IOT: Easily Learn IOT with Arduino Web Tutorials. Learn How to connect
your Arduino to the Web. Find out how to implement web servers with
example tutorial programs.
Arduino IOT revolutionises the way you can connect and automate your
devices. It used to be that you had to use an Internet Shield that
plugged into your Arduino and then connect that shield to the internet
via an internet cable to your router.
However, with the fantastic ESP range of devices, it is
now simpler than ever to setup an internet connection because they
implement WiFi operation with radio hardware built into the ESP board; so
there's no tricky setup.
For programming you simply plug into a USB port as you do for all Arduino boards.
You can put an ESP device anywhere and, as long as it has a power
source, it can connect to your local internet. No wires in sight!
Understanding Arduino IOT
Arduino IOT and IOT in general involves networking of your Arduino
boards, attached sensors and circuits so that you can interact with your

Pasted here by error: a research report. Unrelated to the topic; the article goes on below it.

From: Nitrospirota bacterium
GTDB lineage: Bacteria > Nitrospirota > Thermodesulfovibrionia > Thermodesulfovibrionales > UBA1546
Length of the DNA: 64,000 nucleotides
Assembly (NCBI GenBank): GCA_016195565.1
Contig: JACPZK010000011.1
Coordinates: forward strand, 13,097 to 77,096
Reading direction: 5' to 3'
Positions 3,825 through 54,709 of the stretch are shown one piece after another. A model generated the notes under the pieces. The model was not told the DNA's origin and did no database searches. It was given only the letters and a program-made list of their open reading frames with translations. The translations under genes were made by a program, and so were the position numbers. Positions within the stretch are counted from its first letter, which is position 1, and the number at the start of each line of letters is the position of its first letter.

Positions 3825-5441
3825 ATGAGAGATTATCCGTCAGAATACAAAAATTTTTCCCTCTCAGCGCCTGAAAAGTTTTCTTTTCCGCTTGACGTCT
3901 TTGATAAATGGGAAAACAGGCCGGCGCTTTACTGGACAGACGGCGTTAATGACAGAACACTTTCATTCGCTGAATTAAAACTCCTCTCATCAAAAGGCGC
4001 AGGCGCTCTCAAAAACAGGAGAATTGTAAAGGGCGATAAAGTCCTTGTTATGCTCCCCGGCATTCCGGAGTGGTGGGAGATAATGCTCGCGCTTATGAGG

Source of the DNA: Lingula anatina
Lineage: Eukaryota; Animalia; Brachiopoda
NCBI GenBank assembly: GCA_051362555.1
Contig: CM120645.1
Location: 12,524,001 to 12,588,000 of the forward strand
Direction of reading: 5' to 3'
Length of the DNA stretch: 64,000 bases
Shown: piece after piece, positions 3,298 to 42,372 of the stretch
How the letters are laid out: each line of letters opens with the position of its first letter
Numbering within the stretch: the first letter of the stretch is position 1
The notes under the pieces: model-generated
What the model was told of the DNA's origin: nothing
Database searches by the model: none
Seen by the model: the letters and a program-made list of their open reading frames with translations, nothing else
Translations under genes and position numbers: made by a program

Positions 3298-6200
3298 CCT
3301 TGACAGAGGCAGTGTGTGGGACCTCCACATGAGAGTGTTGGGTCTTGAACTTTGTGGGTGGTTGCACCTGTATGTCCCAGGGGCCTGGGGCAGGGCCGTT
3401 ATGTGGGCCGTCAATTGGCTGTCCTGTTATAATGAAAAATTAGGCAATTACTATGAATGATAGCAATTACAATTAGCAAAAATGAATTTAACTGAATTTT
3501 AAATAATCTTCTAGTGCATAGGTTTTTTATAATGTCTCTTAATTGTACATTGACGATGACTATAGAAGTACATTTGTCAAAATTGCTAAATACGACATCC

board through the internet. You can exchange data in both directions,
typically displaying gathered data on a web page, but also allowing you
to control the board directly from the web page.
For instance you could control a relay from the page to turn lights on
or off. Alternatively you could measure temperature and automatically
turn a heater on or off with another relay. The Wifi connection would
allow you to override the automatic action - say you were out all day
and did not want the heater on at all. You could even set the
temperature lower to save electricity by sending data from the web page
to the WiFi connected circuit.
You can even gather data to a cloud service so you don't have to have
the PC switched on all the time. You can just access that cloud data to
see updates of your WiFi connected sensor outputs.
Benefits of Arduino IOT
Simple connectivity: Boards with built in WiFi capability
are simple to use as they also allow you to program them as if they were
an Arduino Board e.g. ESP8266 or ESP32.
Sensor integration: Since the boards can be programmed as
standard Arduino boards, they use the same software architecture. It
means libraries are easily used on the WiFi boards to support existing